He continues: “You always discover something really surprising that you didn’t expect, and you normally find out things that were unexpected along the way.”

An outstanding end-product, he explains, is one that “genuinely makes something better and not just different,” while fitting seamlessly into a user’s daily life.

“A very important criterion of successful design is that you don’t notice something,” he says. “It’s so right that you don’t notice it. The interaction you have with something becomes utterly intuitive. That’s when design is really working. When virtually anybody who has never had a dealing with a thing is capable of starting to use it appropriately, that to me is a very important aspect of design.”

VW Group China eVTOL, 2022

Looking to the future, Darbyshire says a fundamental shift in attitude to design is coming through Environment, Social and Governance, whose goals are starting to have a real impact on businesses. ESG refocuses the whole business on its approach to the environment in terms of emissions and energy consumption and sustainability, recycling, reuse, and a product life cycle.

A challenge for designers has always been the sheer complexity of the issues, but now things such as B CORP are giving accreditation to companies who establish high standards, across the whole of their business from accountability to complete transparency. This movement is increasingly gaining traction as the consciousness around this becomes very much in the mind of the consumer.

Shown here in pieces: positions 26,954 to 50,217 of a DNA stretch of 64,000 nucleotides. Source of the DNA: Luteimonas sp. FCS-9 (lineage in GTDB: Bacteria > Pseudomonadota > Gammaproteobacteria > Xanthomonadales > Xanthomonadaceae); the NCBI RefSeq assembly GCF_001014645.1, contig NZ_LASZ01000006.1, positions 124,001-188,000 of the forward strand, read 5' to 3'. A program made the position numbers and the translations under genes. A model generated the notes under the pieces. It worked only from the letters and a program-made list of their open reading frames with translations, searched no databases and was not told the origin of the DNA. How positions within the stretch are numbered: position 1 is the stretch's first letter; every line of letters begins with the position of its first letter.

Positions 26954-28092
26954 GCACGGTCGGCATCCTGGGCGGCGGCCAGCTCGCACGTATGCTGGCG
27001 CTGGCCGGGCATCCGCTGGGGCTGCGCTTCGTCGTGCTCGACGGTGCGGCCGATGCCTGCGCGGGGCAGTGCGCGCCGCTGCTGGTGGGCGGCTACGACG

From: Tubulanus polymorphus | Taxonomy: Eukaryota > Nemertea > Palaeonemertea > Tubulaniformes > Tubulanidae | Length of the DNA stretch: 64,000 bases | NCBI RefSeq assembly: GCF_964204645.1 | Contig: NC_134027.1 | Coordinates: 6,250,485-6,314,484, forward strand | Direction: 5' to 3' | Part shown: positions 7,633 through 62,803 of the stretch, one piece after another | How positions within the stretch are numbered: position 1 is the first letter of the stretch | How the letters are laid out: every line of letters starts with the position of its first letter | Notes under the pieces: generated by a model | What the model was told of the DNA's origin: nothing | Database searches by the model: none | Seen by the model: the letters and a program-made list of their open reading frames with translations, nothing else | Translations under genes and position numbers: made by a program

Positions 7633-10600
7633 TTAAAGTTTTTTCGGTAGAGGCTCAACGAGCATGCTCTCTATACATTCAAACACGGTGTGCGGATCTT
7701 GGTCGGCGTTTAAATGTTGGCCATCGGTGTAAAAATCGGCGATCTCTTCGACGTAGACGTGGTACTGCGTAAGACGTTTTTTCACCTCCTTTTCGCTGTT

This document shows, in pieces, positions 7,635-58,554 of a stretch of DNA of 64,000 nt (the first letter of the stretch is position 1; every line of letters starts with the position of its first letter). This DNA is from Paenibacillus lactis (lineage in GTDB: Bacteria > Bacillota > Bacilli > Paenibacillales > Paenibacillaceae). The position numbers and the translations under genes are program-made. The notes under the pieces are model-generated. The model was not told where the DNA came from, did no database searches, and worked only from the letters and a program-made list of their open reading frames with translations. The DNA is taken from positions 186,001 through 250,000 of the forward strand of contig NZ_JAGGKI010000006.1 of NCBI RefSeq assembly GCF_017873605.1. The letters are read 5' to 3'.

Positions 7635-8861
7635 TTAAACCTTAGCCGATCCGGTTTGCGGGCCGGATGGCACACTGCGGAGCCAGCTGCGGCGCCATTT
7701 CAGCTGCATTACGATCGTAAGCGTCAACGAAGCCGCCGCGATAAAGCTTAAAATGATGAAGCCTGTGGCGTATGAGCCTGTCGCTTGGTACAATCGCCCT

Significant challenges exist in many sectors, and the grand changes are more likely to come from new generations of transportation and new technologies for increasing efficiencies or decreasing emissions. But still, design has a role to play in understanding how a brand can remain attractive to consumers and yet adopt an ethos that is genuinely more sustainable.

Southwest 737 Economy Seating, 2024

In the aviation industry, a sector tangerine knows well, an interesting challenge is in the design of seats. A little-known fact is an economy class seat may weigh less than the carry-on bag that the passenger brings with them, or at least the one they check into the hold! Designers must be conscious of the things they can control and influence versus the things that fall outside their remit.

The fundamental thing for the future is asking questions around what elements can be eliminated or transformed or asking if there are new ways of doing things that lead to a significant breakthrough. Setting more aggressive weight targets on luggage or more challenging perhaps do you pay according to what you weigh? How do you incentivise people to do this, is it that you get a discount for bringing less luggage rather than paying to take more, for example?

Finnair Business Class, 2020

The new Finnair business class seat attempts to deliver comfort in a new way, but it doesn’t have a door, which is a move away from the norm that is set by the market. This norm is often driven by benchmarking from peer pressure more than thinking more broadly about what could be new, the unimagined possibilities.

The ipod and the smartphone are the unimagined products that have transformed the design industry. For too long we have been trying to redesign versions of the same thing, rather than asking more fundamental questions about ‘what could they be?’

As the buying power and political influence that Generation Alpha starts to exert over Gen Z, consumer behaviours will shift the design landscape once more, and as designers, we must move with it.